The workers ushered my family out of the building after my dad signed whatever paper he had to. I knew Kenny was dead since my Mom told me he was, but your mind can’t help but to hold on to that one ounce of hope that it isn’t true. And that one ounce vanished that day. After my second anxiety attack my brain rewired itself. Before I go to bed every night, I see Kenny lying on that table. Every night. Every morning. Every day. I can’t erase it. And I probably never will. It’s what our brains do. They don’t let us forget things. They replay scenarios over and over again because they can’t forget. They don’t want to forget. Almost like the shock of experiencing it again is too much for it, that it refuses to forget it. So instead of remembering it loudly, you just continuously see it every day to subtly remind you of it.


Whether it was the smells of the sterile chemicals or the steel tables, somehow my job mimicked a morgue to me. I scrubbed in for surgery, step in, grabbed my tools, and froze. We began working on a patient. Normally, I would be on the ball, but this day, I was delayed. I always enjoyed being in surgery, but that day, I wanted nothing more than to get out. But I couldn’t. There was no car to get in and drive. I was stuck, in a situation reminding me of my worst memory. My actual worst memory. I was wishing my mind would flood with the memories of anything else. Like finding out my ex was cheating on me. Those memories would have been a walk in the park compared to this. But no, those were immediately washed out with the images of Kenny on the table in the morgue. I began sweating, my hands began shaking, my mind firing at an immeasurable rate, my heart pounding out of my chest. I tried to slow down my breathing. I tried to focus on something. I couldn’t. I couldn’t do anything. My arms went painfully numb. Nausea hit my stomach like left over Chipotle. My brain was pulsing against my skull. I tried my hardest to tough it out, but something felt extremely wrong. I needed to leave. “I need to step out for a moment.”, “Sure Rach”, the surgeon replied. I fled. Nothing helped. I needed to go. I got in my car, hyperventilating, and drove. And after a few minutes, I felt okay. I was in control. I was moving. I was smelling new smells. Seeing new things. Nothing could catch me now. After I drove for a few hours, I ended up at a bar. I ordered a tequila soda. And another...and another. I felt my body beginning to relax. It was the only thing that made me relax. Alcohol. My new best friend.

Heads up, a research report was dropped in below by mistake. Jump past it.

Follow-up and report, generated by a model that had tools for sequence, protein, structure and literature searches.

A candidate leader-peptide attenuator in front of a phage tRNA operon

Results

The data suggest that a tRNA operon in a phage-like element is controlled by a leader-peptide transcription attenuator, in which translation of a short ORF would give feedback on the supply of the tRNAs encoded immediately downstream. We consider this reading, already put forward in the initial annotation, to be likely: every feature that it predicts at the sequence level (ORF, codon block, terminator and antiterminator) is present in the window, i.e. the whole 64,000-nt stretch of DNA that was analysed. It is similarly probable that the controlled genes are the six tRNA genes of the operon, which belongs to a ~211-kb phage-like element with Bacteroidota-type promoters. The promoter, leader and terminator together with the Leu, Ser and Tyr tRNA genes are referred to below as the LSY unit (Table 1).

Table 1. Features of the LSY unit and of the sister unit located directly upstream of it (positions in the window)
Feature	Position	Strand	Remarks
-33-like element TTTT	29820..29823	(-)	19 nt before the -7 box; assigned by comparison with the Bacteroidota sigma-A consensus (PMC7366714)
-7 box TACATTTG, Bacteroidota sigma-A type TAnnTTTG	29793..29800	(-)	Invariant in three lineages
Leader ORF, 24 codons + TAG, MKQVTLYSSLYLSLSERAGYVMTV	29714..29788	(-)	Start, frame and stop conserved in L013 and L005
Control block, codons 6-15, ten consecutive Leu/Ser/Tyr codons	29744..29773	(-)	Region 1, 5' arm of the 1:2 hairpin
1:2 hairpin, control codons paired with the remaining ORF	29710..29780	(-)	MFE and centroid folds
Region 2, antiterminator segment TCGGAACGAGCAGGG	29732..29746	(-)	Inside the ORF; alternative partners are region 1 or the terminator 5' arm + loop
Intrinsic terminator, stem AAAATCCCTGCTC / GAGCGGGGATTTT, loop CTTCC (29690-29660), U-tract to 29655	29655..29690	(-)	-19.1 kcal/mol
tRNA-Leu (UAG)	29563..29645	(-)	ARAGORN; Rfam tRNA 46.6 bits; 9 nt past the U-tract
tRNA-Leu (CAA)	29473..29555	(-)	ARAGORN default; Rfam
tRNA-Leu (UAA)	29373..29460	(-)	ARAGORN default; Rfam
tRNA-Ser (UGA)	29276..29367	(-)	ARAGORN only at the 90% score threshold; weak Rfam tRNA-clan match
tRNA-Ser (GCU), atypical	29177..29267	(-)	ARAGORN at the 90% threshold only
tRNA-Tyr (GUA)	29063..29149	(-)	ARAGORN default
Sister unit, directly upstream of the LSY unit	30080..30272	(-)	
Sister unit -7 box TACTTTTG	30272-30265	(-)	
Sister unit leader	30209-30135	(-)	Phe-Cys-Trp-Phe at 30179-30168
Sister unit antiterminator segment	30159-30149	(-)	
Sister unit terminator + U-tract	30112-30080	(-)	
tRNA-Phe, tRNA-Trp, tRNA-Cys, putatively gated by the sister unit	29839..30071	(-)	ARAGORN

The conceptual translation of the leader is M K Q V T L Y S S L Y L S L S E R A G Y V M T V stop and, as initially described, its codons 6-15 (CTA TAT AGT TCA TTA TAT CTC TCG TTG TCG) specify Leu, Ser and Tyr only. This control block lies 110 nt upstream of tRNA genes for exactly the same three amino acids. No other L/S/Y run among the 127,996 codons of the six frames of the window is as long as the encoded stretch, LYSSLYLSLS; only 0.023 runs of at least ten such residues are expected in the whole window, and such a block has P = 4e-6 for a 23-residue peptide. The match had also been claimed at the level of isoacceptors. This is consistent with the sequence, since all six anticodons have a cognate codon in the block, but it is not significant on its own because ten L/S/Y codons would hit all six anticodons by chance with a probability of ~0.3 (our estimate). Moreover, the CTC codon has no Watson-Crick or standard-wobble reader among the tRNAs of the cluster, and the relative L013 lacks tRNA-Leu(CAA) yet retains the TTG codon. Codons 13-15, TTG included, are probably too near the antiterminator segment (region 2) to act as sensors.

I introduce to you, the Depression Diet.